Regular flower bud advisories from the University of Florida Institute of Food and Agricultural Sciences (UF/IFAS) were restarted Nov. 21 and will be provided every other week through early spring. Associate Professor Tripti Vashisth provides the advisories.
The advisories provide critical information about the intensity and time of citrus blooms. Growers use this information to determine when to spray for Asian citrus psyllid control as well as when to stop pesticide spraying so that pollinating bees may be moved into or placed near citrus blocks.
“This is going to be a La Niña winter, which means Florida will experience temperatures warmer than normal,” Vashisth said. “Rainfall pattern, though, is not very clear but it is expected to be below average for at least until the end of the year. It is going to be warmer and drier for the next few weeks. The precipitation pattern for February to March is still unclear. Under these conditions, enough hours below 68 degrees Fahrenheit are likely to accumulate to induce an economic level of flower buds, but intermediate warm periods during the winter can lead to multiple flower cohorts and a prolonged bloom.”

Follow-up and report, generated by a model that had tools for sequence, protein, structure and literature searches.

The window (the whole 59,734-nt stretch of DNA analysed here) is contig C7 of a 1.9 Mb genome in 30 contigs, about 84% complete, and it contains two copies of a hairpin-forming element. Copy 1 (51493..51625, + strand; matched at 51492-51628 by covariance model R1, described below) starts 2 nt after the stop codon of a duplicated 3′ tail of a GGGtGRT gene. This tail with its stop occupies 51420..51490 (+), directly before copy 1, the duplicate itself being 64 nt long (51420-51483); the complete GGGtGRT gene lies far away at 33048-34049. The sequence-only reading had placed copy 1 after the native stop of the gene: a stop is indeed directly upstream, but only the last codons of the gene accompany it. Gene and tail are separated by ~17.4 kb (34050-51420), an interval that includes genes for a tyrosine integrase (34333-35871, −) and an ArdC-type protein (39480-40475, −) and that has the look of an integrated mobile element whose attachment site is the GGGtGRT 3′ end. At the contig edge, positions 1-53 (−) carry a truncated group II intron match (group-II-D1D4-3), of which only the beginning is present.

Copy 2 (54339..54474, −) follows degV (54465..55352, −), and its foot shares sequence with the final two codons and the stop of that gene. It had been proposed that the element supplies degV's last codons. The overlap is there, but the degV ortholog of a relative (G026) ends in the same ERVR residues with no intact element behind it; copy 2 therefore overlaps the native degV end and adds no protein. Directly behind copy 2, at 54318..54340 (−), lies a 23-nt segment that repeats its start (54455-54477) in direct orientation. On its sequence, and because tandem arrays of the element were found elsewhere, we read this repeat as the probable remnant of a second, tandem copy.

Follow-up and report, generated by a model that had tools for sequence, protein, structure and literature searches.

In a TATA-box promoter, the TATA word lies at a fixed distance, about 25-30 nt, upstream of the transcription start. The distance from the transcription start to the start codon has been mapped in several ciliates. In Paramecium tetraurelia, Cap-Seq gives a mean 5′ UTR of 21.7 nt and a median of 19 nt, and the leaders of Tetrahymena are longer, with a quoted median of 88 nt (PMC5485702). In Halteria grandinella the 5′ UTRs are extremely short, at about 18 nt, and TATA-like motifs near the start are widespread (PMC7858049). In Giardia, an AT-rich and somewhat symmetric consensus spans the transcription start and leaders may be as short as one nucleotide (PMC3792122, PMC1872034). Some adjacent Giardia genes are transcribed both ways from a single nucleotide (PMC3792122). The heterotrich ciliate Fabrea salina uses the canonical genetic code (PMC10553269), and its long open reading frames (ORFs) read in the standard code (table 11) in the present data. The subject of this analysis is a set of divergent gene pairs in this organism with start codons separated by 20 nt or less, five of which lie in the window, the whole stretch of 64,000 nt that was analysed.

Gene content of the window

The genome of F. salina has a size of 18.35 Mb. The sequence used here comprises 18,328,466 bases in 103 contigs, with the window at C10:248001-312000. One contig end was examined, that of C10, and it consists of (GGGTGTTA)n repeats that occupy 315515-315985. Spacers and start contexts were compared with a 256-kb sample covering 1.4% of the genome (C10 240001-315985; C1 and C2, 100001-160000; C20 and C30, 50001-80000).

Flower bud advisories are driven by the Citrus Flowering Monitor, which predicts dates when citrus trees will bloom based on observed and predicted weather patterns and other parameters (cultivar, expected yield, tree age and soil type). Growers can enter parameters specific to their grove to get a prediction. Knowing the bloom date is important for managing bloom and other related events. The Citrus Flowering Monitor also gives specific recommendations on how to manage bloom.
This year, flowering can be unpredictable not only because of the upcoming weather conditions but also because of the impacts of hurricanes Ian and Nicole. Vashisth does not expect to see significant early flowering, but she does expect to see two to three cohorts of flowering.
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